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Twenty years ago today, Tim Berners-Lee prepared the CERN memo that built upon existing principles such as hypertext and  — eighteen months later — gave birth to the World Wide Web.

This Web of Documents has exceeded most people’s wildest expectations since reaching mainstream awareness on the back of graphical tools such as the Mosaic web browser, but the data behind so many decisions, analyses and visualisations largely remains inaccessible even today.

Berners-Lee spoke at TED last month, and I wrote about it at the time. ReadWriteWeb has an article today that includes the video of that presentation, which should also be in the TED archive later today.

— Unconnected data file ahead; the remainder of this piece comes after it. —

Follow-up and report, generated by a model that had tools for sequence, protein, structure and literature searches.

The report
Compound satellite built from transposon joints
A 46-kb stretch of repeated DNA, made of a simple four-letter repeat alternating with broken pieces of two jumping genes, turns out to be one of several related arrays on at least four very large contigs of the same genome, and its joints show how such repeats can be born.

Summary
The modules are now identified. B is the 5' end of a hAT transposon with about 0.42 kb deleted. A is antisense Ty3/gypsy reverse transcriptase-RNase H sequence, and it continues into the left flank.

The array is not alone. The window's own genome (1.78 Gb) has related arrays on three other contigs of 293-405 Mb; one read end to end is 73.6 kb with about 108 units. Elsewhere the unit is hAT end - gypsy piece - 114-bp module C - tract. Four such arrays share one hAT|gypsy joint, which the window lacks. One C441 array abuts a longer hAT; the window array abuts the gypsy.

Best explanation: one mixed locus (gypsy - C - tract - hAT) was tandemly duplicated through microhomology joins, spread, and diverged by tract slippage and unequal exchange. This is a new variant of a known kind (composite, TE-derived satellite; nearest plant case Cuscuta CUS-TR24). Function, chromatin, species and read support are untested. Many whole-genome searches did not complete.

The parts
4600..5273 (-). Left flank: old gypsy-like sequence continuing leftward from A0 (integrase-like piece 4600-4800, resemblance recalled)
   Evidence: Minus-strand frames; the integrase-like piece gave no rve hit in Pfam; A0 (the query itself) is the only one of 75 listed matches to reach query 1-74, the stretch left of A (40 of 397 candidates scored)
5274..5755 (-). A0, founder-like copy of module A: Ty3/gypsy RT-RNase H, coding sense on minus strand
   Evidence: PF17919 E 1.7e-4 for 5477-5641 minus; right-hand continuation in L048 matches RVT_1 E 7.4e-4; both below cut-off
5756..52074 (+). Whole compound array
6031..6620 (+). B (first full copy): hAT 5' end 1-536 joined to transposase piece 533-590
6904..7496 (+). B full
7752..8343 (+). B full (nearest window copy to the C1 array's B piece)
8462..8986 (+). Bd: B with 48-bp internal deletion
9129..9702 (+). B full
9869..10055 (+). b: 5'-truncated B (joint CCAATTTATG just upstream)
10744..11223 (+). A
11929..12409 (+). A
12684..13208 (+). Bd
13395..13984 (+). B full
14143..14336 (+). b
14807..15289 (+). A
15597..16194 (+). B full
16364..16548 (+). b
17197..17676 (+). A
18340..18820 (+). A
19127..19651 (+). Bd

In his talk, Berners-Lee describes the notion of Linked Data and attempts to illustrate the advances that could be made if we were all able to contribute and consume data in the same way that we do today with documents, images, and the like. He refers to the visually compelling work of Hans Rosling (with whom I recorded a podcast last year), and suggests that more data will enable more (and hopefully better) such analysis.

The principles behind this notion of Linked Data are simple in the extreme, and a growing community of enthusiasts is already at work to make ever-more data visible.

This is not some ‘new’ Web; not a replacement for the Web of today. Rather, it’s an evolution of today’s Web that makes today’s applications and interactions richer and more capable, whilst laying the foundations for services as yet unimagined.

Watch Tim’s talk, wish the Web a Happy Birthday, then get on and do your bit.

Raw Data, Now!

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